Arkansas River Basin

September 26, 2008--Basin gets a bonanza from imported water (Pueblo Chieftain)

Water imports from the Colorado River basin were about 35 percent above average this year, supplementing an otherwise dry year in the Arkansas River basin. The flows, generated by a big winter snowpack, sustained irrigated farming in the valley and helped fill municipal water reserves.


August 21, 2008--Super Ditch working to keep water in valley (Pueblo Chieftain)

The president of the Super Ditch, a water marketing group formed by farmers, Wednesday said the group will work to keep water in the Arkansas River basin, even though there have been conversations with Aurora.


July 13, 2008--Surface irrigation rules moving toward a solution (Pueblo Chieftain)

From the state’s point of view, pending rules for Arkansas River basin surface irrigators who improve their systems by installing sprinklers are primarily aimed at preventing depletions to Kansas.


July 5, 2008--Project aims to replenish aquifer (Denver Post)

Water users and the Colorado Geological Survey are working on a plan to replenish this disappearing aquifer, an ambitious project to pump underground 500,000 acre feet of water—six times what Colorado Springs Utilities customers use in a year—to create Colorado's first man-made underground storage reservoir.


June 30, 2008--Project aims to replenish aquifer (Colorado Springs Gazette)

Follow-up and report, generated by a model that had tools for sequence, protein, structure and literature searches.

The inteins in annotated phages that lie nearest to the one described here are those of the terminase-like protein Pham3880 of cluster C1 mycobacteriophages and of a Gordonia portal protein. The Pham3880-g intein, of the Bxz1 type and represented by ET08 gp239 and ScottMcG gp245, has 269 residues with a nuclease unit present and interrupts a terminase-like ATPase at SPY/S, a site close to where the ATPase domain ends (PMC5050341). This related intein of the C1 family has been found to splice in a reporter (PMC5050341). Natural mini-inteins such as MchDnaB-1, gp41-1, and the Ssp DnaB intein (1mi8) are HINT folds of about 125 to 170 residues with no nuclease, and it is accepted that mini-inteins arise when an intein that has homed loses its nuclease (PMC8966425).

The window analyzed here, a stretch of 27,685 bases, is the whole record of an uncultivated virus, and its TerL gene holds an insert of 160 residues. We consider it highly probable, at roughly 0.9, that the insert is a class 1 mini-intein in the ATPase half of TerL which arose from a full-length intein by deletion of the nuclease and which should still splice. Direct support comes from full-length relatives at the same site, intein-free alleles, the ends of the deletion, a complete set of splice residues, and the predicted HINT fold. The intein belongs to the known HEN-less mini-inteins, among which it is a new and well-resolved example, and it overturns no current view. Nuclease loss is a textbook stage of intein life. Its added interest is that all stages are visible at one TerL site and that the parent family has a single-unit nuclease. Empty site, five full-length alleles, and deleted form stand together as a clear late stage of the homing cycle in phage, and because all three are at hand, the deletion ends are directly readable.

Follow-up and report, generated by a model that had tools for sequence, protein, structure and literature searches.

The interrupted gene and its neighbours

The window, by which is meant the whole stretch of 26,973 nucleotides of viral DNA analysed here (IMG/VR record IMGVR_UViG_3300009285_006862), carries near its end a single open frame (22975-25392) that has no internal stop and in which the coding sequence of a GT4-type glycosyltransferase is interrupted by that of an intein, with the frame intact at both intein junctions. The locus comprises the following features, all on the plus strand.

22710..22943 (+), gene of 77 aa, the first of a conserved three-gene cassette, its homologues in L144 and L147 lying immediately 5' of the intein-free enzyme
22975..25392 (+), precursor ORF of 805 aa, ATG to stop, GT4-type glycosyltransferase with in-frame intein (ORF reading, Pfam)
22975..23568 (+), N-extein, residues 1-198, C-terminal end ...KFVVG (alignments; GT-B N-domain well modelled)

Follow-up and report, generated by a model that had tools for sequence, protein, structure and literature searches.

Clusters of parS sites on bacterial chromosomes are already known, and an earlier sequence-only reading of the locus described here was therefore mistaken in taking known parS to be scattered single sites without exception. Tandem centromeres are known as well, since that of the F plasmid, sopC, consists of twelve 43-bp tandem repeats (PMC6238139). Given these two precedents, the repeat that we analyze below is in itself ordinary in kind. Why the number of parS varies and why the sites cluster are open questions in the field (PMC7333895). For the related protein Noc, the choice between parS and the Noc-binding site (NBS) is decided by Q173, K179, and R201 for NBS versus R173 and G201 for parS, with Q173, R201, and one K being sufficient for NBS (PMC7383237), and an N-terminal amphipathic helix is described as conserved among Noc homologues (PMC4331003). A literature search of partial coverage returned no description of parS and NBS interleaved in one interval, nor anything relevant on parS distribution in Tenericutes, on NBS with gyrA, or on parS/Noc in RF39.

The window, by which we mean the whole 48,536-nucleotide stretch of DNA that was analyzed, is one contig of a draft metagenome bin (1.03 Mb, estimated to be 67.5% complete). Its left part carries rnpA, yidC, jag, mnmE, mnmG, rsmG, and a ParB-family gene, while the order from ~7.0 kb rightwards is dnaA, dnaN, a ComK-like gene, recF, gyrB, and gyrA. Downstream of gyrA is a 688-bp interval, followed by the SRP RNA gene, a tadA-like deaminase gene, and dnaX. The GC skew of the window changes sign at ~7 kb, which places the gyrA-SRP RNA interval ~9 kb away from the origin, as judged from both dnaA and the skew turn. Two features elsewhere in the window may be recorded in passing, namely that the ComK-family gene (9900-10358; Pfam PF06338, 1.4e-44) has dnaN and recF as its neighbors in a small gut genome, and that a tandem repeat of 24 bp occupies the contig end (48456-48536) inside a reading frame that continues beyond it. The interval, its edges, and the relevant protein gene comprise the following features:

The aquifer beneath the Upper Black Squirrel basin took a million years to form, as water rushing down from the mountains carved an underground lake with fingers stretching for miles beneath the eastern El Paso County plains. By some estimates, it could be depleted in less than 100 years.


June 13, 2008--Arkansas Basin to need more water yet (Denver Post)

By 2030, the Arkansas Valley's municipalities may face a water shortage twice as large as that estimated by the state in 2004, according to a new private survey.


May 16, 2008--Southeastern water disctrict celebrated 50 years (Pueblo Chieftain)

Fifty years ago, the Arkansas River flowed where it wanted to, when it wanted and if it wanted. A group of men wanted to change that by bringing more water into the Arkansas Valley, and succeeded by selling golden frying pans up and down the valley to pay for trips to Washington to push the Fryingpan-Arkansas Project.


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